Shocking news out of Los Angeles Wednesday, as former player, broadcaster, coach, producer, agent and ATP Board member Justin Gimelstob has been arrested.
According to the Los Angeles Times, Gimelstob surrendered to police Nov. 21, three weeks after an alleged attack on Randall Kaplan, a former friend of his estranged wife, on Halloween night.
He was booked on a suspicion of felony battery charge, per an LAPD spokesman, and released on $50,000 bail.
On Friday, an extensively-reported piece by the Telegraph in the U.K. outlined previous instances involving Gimelstob in Los Angeles.
Gimelstob attorney Shawn Holley provided this statement to tennis.life last Thursday.
“Unsurprisingly, there is another side to this story and Justin will vigorously defend himself against these claims. To that end, Justin has been and will continue to be cooperative with law enforcement.”
As for the ATP, a spokesman sent this along Friday:
“We are aware of the situation regarding Justin Gimelstob and understand that the recent allegations are part of an ongoing police matter. It would therefore not be appropriate for us to comment further at this time.”
And here’s the comment from Tennis Channel, which employs Gimelstob as a commentator and producer.
“Justin asked Tennis Channel for a leave of absence while he works through this issue. As he is a long-time, valued member of our network family, we of course granted it to him. We believe that in today’s climate, perhaps more than ever, it’s important to recognize due process and the fact that there are multiple sides to every story. We don’t want to rush to immediate judgment, and will follow this closely as more detail comes to light.”
Halloween night horror story
According to the documents seen by the Times the man, venture capitalist Randall Kaplan, was walking on the street in Los Angeles about 6:30 p.m. that night with his wife and young daughter when Gimelstob allegedly attacked him.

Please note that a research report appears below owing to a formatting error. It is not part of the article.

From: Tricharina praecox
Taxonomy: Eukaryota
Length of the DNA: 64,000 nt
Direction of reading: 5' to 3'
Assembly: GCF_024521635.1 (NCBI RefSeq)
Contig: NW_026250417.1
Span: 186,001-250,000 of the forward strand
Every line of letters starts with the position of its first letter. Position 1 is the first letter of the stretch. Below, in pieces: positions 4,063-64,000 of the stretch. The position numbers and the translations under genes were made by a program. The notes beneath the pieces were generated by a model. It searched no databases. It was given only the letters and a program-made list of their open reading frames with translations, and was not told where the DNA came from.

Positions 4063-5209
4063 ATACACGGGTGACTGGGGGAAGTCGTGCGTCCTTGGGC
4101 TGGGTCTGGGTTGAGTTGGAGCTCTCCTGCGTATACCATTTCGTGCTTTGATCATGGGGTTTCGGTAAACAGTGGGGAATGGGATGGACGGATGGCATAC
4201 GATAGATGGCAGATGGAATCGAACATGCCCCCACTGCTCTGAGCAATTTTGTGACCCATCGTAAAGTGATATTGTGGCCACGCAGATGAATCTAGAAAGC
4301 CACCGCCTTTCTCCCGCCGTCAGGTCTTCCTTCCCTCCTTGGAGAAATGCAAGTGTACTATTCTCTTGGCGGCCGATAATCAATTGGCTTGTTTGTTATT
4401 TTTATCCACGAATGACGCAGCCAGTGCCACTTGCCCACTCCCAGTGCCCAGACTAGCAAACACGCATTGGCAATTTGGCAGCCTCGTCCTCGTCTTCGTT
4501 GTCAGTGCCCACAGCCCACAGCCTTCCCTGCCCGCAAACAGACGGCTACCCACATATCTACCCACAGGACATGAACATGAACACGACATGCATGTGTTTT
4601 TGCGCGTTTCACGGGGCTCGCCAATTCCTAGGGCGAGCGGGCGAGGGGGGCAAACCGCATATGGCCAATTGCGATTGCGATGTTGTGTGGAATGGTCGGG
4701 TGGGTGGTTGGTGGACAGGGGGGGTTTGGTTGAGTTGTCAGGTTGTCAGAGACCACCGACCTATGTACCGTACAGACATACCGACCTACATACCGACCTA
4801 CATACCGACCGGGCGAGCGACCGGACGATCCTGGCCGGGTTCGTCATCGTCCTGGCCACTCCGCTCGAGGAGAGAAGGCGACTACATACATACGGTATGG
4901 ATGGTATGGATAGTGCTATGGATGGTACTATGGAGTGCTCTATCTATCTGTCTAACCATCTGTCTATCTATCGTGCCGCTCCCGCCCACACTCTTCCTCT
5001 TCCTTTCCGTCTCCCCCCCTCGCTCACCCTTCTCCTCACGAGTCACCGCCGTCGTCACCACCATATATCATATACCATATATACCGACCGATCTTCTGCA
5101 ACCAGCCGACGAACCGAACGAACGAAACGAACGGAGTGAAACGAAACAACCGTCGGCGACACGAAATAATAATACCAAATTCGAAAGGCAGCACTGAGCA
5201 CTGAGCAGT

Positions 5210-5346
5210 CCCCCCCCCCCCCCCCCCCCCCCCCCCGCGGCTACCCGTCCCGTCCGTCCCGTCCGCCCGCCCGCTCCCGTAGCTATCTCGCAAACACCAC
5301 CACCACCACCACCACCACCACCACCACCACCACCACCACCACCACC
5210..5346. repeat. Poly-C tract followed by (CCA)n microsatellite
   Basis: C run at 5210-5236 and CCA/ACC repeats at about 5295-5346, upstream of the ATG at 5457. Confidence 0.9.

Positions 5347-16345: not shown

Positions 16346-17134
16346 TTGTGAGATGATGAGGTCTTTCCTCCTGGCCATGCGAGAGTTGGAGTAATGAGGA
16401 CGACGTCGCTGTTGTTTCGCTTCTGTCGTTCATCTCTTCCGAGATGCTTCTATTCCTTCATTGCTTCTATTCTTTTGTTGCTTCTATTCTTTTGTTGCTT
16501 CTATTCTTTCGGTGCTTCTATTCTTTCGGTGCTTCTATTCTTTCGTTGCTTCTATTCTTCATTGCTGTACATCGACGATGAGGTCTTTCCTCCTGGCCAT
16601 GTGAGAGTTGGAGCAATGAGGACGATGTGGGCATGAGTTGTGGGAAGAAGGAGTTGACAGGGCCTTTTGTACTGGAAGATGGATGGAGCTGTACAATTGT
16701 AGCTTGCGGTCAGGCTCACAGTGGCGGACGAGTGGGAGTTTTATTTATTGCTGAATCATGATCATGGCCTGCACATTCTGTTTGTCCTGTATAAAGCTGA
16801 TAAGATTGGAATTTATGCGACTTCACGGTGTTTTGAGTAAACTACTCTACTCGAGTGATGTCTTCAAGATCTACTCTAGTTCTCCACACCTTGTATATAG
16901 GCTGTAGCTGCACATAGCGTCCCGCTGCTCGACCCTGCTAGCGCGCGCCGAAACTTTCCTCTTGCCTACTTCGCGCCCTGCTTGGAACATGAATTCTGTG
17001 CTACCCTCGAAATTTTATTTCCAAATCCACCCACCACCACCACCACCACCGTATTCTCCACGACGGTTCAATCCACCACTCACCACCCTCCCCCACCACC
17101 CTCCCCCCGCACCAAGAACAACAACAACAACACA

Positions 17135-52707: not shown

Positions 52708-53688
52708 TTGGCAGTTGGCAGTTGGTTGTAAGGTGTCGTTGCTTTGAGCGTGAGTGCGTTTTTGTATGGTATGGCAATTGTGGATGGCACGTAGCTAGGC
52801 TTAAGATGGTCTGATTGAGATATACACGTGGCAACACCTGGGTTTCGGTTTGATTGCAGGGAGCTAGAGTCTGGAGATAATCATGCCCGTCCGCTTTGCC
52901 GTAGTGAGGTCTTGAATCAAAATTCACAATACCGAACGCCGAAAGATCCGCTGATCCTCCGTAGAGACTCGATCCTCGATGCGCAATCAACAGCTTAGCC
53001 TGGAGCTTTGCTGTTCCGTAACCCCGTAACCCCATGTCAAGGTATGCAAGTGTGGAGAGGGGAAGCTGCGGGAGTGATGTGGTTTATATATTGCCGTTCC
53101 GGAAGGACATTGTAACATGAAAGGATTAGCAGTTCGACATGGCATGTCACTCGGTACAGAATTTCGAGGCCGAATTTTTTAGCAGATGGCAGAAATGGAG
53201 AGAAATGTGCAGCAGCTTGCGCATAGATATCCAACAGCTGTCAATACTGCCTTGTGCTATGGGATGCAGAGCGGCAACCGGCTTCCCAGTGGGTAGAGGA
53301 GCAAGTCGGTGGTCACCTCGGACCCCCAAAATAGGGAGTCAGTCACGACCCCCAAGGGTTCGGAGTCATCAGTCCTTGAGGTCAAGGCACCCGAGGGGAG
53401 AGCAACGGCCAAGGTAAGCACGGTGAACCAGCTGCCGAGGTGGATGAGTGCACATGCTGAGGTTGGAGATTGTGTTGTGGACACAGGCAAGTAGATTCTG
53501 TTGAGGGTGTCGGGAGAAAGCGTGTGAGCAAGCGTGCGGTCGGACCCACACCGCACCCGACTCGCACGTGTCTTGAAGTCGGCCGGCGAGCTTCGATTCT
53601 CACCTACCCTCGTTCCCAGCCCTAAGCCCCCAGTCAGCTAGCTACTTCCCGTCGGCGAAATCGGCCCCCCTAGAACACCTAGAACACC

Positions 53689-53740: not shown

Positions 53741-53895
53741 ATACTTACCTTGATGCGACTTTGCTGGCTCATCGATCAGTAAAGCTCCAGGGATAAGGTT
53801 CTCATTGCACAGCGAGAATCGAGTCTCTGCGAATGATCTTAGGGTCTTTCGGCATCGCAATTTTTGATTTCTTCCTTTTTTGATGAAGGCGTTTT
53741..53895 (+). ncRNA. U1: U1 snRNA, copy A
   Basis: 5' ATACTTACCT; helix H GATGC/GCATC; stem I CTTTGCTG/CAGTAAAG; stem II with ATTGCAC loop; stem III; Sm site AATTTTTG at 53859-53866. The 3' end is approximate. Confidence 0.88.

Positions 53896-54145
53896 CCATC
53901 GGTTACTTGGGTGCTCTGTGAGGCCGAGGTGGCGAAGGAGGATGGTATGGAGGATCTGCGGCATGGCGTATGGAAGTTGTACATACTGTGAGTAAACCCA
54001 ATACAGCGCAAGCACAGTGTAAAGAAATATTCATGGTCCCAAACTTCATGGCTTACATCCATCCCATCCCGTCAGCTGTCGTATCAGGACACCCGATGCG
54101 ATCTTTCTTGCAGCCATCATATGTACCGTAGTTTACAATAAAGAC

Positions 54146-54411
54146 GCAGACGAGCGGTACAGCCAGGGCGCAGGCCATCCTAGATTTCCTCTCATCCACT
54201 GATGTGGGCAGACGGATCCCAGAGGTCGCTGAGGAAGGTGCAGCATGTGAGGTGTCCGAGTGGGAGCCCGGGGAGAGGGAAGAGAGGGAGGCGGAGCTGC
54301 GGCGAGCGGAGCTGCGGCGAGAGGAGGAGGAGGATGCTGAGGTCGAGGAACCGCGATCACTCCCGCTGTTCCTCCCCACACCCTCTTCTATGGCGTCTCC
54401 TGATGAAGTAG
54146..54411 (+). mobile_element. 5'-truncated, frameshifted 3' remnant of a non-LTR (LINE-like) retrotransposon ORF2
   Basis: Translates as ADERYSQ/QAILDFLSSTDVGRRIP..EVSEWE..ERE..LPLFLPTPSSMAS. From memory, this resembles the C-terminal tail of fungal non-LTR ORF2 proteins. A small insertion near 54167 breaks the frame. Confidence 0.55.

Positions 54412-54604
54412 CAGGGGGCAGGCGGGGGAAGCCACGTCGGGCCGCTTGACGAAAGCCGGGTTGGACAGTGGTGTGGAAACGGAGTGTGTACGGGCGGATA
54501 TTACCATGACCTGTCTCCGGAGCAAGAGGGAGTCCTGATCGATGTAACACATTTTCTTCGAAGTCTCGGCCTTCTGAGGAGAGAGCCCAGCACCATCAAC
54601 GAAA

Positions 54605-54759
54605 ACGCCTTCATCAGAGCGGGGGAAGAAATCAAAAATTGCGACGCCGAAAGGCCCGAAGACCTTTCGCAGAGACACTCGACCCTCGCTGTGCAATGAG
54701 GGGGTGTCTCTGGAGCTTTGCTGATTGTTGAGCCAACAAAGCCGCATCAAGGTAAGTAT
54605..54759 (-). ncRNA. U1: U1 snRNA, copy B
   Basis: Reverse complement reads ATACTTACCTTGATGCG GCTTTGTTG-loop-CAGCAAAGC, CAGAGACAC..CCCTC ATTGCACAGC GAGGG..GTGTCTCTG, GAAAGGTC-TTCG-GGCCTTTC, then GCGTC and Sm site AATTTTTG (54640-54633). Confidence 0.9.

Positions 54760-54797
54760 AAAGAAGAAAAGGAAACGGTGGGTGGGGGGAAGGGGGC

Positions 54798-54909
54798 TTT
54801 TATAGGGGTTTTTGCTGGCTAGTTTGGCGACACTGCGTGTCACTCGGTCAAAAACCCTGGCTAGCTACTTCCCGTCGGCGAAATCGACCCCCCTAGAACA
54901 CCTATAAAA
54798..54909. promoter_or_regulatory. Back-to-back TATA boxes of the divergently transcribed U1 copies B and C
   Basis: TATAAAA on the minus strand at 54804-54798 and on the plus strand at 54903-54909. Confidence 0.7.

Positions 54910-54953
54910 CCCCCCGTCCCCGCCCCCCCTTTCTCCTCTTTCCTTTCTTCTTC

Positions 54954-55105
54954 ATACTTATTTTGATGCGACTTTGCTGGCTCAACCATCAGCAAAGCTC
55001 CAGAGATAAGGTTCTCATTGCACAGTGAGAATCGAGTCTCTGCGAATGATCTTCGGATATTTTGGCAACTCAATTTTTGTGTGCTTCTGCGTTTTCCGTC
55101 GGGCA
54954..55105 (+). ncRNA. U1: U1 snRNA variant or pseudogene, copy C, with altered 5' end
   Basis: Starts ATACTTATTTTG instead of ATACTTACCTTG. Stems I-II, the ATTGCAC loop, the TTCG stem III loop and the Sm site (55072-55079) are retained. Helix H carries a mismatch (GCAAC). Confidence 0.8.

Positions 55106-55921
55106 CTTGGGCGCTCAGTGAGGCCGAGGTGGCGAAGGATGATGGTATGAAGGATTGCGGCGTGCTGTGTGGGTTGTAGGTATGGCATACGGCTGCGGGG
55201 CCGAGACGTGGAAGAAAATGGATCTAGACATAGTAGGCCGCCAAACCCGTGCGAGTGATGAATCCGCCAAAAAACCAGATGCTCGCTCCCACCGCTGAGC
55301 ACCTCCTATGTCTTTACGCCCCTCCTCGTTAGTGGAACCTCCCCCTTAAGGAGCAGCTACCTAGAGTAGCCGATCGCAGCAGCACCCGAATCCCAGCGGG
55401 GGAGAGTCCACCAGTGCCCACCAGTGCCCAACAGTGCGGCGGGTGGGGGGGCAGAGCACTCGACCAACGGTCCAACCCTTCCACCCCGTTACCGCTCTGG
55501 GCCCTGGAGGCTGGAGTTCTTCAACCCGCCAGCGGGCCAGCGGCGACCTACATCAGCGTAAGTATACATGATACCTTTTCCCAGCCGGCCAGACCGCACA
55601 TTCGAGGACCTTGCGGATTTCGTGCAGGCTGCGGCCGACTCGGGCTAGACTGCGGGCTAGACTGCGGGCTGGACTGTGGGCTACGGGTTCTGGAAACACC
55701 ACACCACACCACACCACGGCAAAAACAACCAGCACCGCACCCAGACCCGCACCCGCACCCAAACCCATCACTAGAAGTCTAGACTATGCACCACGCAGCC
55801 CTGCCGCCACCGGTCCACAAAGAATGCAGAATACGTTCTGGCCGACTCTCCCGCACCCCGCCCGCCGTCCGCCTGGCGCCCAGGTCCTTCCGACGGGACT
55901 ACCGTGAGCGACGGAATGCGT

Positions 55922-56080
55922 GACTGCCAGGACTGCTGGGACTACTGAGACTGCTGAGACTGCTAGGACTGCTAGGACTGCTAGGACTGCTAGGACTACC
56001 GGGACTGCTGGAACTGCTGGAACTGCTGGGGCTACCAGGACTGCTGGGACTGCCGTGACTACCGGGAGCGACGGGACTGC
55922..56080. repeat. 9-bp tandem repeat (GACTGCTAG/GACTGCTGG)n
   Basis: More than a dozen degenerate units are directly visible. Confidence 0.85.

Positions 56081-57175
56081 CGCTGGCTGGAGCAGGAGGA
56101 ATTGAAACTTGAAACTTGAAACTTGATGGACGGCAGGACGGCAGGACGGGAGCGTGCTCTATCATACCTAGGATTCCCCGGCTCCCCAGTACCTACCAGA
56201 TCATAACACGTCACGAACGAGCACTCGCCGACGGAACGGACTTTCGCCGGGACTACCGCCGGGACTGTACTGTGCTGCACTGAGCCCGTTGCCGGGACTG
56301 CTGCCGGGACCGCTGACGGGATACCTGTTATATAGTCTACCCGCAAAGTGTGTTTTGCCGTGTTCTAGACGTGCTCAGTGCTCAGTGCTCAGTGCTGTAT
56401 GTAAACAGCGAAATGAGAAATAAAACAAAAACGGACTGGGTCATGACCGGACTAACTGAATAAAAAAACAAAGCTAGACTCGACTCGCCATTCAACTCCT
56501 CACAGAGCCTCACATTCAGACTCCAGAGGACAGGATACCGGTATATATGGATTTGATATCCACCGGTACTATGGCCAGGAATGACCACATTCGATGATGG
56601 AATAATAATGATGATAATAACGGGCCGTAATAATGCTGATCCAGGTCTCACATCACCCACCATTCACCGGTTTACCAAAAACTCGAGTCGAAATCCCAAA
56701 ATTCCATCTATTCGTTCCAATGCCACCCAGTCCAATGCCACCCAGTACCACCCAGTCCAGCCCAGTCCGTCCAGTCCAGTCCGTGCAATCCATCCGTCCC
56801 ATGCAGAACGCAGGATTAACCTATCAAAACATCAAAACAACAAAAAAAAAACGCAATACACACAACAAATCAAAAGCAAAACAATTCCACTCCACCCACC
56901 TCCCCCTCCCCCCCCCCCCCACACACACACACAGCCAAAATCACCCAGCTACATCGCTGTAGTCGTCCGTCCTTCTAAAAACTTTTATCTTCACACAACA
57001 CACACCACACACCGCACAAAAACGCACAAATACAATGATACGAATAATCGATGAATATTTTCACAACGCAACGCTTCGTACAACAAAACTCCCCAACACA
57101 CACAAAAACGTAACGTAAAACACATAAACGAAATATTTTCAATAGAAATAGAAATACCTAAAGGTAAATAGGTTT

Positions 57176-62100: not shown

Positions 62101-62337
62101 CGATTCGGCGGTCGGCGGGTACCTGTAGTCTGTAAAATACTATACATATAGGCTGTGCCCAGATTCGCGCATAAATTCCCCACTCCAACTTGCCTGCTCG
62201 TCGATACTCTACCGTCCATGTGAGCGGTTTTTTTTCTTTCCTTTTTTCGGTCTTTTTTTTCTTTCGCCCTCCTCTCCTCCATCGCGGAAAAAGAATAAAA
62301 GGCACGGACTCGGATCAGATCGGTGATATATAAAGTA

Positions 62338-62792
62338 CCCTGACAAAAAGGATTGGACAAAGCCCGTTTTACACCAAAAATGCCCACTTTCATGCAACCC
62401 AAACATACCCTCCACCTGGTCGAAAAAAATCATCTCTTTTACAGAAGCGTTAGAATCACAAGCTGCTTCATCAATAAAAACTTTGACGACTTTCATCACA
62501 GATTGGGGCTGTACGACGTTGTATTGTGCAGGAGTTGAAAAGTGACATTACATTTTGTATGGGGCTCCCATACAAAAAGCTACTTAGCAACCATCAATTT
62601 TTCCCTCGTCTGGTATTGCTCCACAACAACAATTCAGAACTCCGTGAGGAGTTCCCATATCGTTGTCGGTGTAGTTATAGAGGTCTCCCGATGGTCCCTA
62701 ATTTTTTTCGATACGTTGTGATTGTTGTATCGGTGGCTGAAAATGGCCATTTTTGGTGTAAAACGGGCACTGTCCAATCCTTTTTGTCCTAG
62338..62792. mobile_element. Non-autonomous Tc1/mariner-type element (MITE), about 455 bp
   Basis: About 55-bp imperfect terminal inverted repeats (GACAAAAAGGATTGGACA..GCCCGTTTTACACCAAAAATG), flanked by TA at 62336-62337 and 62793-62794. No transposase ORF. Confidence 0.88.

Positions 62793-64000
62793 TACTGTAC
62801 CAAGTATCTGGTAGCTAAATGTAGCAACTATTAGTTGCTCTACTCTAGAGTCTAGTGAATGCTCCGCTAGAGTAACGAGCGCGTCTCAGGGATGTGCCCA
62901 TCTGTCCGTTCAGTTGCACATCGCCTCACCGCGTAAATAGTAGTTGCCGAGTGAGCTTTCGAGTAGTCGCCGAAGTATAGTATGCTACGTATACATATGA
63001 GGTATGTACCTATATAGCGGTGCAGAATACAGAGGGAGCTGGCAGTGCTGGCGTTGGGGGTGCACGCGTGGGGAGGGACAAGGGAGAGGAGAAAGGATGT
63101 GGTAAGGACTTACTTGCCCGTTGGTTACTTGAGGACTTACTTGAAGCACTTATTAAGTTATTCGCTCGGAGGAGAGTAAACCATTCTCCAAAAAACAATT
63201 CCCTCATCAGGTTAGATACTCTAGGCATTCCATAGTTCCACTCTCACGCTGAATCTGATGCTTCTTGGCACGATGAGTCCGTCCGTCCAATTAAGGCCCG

Gimelstob was “apparently dressed as a pilot from the movie Top Gun”.
Kaplan filed for a temporary restraining order at the L.A. courthouse the following day. There will be a hearing on that Dec. 3.
The co-founder of Akamai and venture capitalist, who turns 50 today, is reportedly worth in excess of $100 million.
The Times reports that the temporary restraining order request includes photos of “a visibly bruised and scratched Kaplan”.
It’s been a tough month for the 41-year-old.
Less than a week before the incident, Gimelstob lost his father Barry – a huge influence in his life and career – at age 75.
Gimelstob “struck him 50 times”
“Kaplan alleged that Gimelstob attacked him from behind … striking him 50 times in an incident witnessed by his wife, 2-year-old daughter and another person.
Kaplan wrote that the assailant yelled that he was going to kill him. (He) said he realized who his attacker was as Gimelstob fled. Kaplan wrote that the attack left him with “large contusions and bruises on my face,” along with other bruises and possibly a concussion.”
There had reportedly been some history with Gimelstob, as Kaplan was friends with Gimelstob’s estranged wife Cary.
Cary Gimelstob filed for divorce July 29, 2015, per the L.A. court records. But as of Monday, more than three years later, the two remain embroiled in legal issues.
Gimelstob is devoted to their son, Brandon, who turned five in September.
In addition to all of his other involvements, the American is a director on the ATP Tour Board. He is one of two current representatives from the Player Council to sit on the board (a third, Roger Rasheed, was ousted a few weeks ago). In 2017, Gimelstob’s compensation from the ATP for his board duties and production work was $360,000.
Gimelstob has been on the board for more than a decade, since shortly after his retirement as a player in 2007. That, despite some offensive remarks made about players on the WTA Tour on a radio show back in 2008.
All of the details can be found in the Times story. (Click here to read it).